“The U.S. federal government is taking a leadership role in energy efficiency for federal buildings both through existing mandates, as well as President-elect Obama’s American Recovery and Reinvestment Plan, which calls for the renovation of public buildings to make them more energy efficient,” said Chuck Swoboda, Cree chairman and chief executive officer. “Installations of highly efficient, low-maintenance LED lighting, like these in the Pentagon and in the U.S. Federal Reserve, demonstrate that the future of energy-efficient lighting is here today.”
The LR24 units being used for the Pentagon renovation are being purchased from Cree by the Department of Defense’s (DoD) Title III program as a part of its ongoing development program with Cree, and provided to the Washington Headquarters Services (WHS), which oversees the Pentagon renovation program.
Advantages of LED
- LEDs produce more light per watt than incandescent bulbs; this is useful in battery powered or energy-saving devices. LEDs can emit light of an intended color without the use of color filters that traditional lighting methods require. The color of the light simply depends on the composition and condition of the semiconducting material used, and can be infrared, visible, or ultraviolet. This is a much more efficient method to produce color lighting effects and can lower initial costs.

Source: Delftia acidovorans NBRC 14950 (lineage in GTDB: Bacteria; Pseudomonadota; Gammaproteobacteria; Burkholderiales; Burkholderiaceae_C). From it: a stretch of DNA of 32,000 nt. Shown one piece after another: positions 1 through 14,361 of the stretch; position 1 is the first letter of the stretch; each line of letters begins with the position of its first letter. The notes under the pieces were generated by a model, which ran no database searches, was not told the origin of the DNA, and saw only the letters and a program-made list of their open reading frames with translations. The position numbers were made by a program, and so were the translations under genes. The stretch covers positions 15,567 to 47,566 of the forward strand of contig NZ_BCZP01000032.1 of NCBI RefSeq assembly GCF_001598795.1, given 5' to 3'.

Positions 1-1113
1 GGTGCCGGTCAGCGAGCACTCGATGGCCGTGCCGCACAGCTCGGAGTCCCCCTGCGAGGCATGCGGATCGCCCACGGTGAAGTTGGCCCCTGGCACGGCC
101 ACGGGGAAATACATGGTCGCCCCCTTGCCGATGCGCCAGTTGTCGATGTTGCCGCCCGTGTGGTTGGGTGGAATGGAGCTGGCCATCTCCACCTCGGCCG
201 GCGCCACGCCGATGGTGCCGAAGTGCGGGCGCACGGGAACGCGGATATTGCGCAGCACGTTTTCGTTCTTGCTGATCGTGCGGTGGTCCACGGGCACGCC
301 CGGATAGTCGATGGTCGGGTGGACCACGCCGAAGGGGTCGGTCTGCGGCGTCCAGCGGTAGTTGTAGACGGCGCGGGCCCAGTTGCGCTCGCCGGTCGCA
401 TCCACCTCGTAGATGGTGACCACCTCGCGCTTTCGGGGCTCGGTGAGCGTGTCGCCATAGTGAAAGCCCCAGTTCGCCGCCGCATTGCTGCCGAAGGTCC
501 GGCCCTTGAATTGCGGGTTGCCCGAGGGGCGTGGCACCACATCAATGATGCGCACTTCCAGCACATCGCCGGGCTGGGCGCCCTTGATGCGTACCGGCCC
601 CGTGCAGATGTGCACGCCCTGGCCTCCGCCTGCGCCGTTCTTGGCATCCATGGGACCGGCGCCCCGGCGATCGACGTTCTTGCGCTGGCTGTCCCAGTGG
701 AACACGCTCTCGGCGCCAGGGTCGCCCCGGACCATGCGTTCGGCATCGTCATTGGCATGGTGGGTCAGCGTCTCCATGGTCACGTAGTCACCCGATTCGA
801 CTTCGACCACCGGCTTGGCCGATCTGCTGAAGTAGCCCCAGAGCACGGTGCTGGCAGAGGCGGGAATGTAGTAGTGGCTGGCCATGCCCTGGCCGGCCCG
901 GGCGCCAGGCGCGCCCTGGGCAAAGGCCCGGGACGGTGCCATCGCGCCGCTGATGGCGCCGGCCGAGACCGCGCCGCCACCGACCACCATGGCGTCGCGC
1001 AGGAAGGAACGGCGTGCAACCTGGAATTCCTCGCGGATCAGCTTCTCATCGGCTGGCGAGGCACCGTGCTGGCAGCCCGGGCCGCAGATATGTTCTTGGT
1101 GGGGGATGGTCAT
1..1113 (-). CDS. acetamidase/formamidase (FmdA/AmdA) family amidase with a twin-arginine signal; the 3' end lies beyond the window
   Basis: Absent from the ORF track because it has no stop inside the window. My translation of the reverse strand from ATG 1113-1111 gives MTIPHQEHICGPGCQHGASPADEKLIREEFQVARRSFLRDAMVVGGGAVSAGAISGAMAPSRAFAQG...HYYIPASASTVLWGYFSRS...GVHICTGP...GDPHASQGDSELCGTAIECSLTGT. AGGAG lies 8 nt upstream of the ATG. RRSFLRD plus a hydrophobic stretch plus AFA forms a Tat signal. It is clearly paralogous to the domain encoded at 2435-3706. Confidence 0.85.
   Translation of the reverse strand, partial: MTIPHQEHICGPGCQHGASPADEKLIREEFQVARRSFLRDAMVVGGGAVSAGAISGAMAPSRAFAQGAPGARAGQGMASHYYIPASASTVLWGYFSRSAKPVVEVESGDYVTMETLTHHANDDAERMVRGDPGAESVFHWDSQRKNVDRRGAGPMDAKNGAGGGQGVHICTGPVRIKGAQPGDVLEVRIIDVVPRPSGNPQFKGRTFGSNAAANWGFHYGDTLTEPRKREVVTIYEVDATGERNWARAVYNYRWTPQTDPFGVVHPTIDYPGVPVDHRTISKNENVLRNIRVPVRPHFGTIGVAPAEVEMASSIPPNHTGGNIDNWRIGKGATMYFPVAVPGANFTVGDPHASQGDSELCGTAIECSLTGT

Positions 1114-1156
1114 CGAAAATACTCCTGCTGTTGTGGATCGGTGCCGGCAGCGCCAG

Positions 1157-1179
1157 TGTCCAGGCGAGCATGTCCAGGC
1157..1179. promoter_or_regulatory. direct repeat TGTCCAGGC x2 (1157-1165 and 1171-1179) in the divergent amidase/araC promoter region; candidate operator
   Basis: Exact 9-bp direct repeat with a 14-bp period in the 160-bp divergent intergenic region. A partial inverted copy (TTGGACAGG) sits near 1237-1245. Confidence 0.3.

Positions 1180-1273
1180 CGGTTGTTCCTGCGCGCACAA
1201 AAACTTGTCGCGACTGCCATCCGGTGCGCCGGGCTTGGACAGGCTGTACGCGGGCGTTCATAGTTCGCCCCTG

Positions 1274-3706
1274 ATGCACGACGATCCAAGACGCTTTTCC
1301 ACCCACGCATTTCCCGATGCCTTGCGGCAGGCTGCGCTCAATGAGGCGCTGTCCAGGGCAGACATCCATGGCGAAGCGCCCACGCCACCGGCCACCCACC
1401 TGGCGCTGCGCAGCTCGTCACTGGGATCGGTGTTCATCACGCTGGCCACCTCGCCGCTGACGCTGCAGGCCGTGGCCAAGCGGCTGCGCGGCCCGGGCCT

- The solid package of the LED can be designed to focus its light. Incandescent and fluorescent sources often require an external reflector to collect light and direct it in a usable manner.
- When used in applications where dimming is required, LEDs do not change their color tint as the current passing through them is lowered, unlike incandescent lamps, which turn yellow.
- LEDs are ideal for use in applications that are subject to frequent on-off cycling, unlike fluorescent lamps that burn out more quickly when cycled frequently, or HID lamps that require a long time before restarting.
- LEDs, being solid state components, are difficult to damage with external shock. Fluorescent and incandescent bulbs are easily broken if dropped on the ground.
- LEDs can have a relatively long useful life. One report estimates 35,000 to 50,000 hours of useful life, though time to complete failure may be longer. Fluorescent tubes typically are rated at about 30,000 hours, and incandescent light bulbs at 1,000–2,000 hours.
- LEDs mostly fail by dimming over time, rather than the abrupt burn-out of incandescent bulbs.
- LEDs light up very quickly. A typical red indicator LED will achieve full brightness in microseconds; Philips Lumileds technical datasheet DS23 for the Luxeon Star states “less than 100ns.” LEDs used in communications devices can have even faster response times.
- LEDs can be very small and are easily populated onto printed circuit boards.
- LEDs do not contain mercury, unlike compact fluorescent lamps.
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PG&E takes LED lighting to the streets
LED Lighting — The Eco-friendly Alternative
LED lighting clearly offers an eco-friendly alternative to energy-wasting conventional lighting. Because of this efficiency it is predicted that in the next 20 years LED lighting will replace almost all of conventional commercial lighting systems.